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NITRATES : CONTRAINDICATIONS and WARNINGS
* Hypersensitivity to nitrates (rare).
* Severe anemia (relative contraindication because vasodilation
will further increase the heart rate and may increase the
work of the heart).
* Hypotension, especially in myocardial infarction (because it
is suspected that further reduction in coronary perfusion
pressure may worsen cardiac ischemia).
* Brain injury, other conditions involving suspected increase in
intracranial pressure (because vasodilators may further in-
crease intracranial pressure).
* Arcing may occur when cardioversion is performed on a patient
with a transdermal nitroglycerine patch on the chest. Such
patches should be removed before applying the shock.(Warning)
* Syncope. (Warning) Postural hypotension may occasionally be
sufficient to cause syncope.
* Myocardopathy. (Warning) Nitrates may worsen angina in
patients with hypertrophic cardiomyopathy.
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ADVERSE REACTIONS AND OVERDOSE TOXICITY:
Severe toxicity is rare, even when these drugs are abused as
"recreational" (sex-enhancing) agents.
* CNS: A throbbing headache is common, especially if no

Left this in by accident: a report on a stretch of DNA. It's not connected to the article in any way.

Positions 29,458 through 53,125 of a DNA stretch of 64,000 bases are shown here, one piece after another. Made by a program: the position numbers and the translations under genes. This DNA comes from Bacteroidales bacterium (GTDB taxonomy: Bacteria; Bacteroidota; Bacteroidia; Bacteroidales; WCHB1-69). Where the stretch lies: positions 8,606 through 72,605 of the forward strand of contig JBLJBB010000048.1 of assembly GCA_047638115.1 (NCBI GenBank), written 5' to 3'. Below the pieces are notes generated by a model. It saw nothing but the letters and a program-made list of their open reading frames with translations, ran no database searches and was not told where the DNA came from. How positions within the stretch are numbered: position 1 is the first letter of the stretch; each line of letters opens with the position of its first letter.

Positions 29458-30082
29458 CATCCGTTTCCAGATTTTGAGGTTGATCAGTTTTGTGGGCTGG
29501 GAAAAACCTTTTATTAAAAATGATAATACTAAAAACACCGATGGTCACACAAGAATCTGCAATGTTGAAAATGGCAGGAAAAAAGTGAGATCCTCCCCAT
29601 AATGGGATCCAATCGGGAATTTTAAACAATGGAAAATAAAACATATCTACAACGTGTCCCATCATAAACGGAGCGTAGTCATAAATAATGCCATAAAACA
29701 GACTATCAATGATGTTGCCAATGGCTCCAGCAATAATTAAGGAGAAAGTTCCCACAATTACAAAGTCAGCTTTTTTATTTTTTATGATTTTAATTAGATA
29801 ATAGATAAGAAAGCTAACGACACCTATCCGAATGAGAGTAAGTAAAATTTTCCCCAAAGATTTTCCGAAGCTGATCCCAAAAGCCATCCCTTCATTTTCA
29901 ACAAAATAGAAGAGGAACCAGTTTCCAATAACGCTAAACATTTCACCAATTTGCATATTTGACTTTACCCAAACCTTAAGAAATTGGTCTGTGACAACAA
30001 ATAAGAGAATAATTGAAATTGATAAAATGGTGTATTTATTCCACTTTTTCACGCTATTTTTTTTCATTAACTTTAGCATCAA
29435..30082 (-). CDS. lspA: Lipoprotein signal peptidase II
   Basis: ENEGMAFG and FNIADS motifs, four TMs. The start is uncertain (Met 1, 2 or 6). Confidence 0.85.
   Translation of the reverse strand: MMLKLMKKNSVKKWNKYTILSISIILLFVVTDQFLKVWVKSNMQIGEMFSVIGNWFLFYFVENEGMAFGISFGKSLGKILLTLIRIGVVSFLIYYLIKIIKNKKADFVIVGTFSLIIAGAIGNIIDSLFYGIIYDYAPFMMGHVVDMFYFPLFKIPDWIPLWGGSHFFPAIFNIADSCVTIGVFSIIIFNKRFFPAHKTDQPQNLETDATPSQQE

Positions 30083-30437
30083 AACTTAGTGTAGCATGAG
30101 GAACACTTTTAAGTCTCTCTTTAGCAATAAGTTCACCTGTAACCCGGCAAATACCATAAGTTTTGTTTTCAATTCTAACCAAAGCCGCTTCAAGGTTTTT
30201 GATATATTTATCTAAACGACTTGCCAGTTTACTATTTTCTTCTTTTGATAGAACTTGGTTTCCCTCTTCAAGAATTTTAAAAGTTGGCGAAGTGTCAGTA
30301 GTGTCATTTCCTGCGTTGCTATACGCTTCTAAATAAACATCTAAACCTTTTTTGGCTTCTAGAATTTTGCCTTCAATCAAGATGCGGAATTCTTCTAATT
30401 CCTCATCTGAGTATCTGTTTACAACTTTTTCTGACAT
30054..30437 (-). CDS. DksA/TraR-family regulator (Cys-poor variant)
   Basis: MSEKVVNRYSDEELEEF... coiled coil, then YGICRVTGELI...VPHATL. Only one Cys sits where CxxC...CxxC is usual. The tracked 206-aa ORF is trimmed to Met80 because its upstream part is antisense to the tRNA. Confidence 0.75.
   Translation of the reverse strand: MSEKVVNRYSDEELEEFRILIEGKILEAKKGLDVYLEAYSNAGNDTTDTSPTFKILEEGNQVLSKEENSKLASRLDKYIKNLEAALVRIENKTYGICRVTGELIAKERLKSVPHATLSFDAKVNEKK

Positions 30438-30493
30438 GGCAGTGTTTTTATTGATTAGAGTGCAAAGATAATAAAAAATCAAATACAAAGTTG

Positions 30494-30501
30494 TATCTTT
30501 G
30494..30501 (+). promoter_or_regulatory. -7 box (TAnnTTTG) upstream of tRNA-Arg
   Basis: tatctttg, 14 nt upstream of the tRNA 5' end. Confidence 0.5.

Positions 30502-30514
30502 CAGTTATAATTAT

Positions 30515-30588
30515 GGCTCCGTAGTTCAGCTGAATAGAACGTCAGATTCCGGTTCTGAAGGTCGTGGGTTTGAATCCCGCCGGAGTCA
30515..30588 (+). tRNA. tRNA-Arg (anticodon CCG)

tolerance to the drug is present. Dizziness (probably due to
orthostatic hypotension) is often reported after large doses.
* CV: Mild-to-moderate orthostatic hypotension, caused by
peripheral venodilatation, is common. It is readily relieved
by sitting or lying down. Tachycardia is a common reflex
response to the hypotension. Gross overdosage may induce
severe hypotension, especially in susceptible individuals,
eg, those with hypovolemia. Associated symptoms, which are
usually transient, include dizziness, syncope, sweating,
tachycardia, nausea, and vomiting. Treatment, if necessary,
is by administration of vasoconstrictors, usually
* GI: Nausea and rarely, vomiting, may occur with ordinary
therapeutic use. Sublingual and buccal preparations often
cause a burning or tingling sensation in the mouth, and this
has been assumed to constitute a test of the "activity" of
the preparation. It is not a reliable test.
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* Skin: Hypersensitivity reactions may be induced by transdermal
preparations, perhaps caused by the vehicle and adhesives
that are present.
* Methemoglobinemia: Nitrites may cause methemoglobinemia at
moderate doses and this effect is common with overdoses. This
may be hazardous, especially in anemic individuals. It is
used therapeutically as an antidote in cyanide poisoning.
Nitrates rarely if ever cause methemoglobinemia, except in
unweaned infants. Severe methemoglobinemia is associated with
pseudocyanosis, acidosis, and other signs of tissue hypoxia.
Treatment is by slow IV administration of methylene blue, 1-2
* Hypotensive agents: Because they lack direct autonomic and me-
tabolic effects, the only significant interaction of the
nitrates is with other hypotensive agents, with which they
have additive or superadditive effects.
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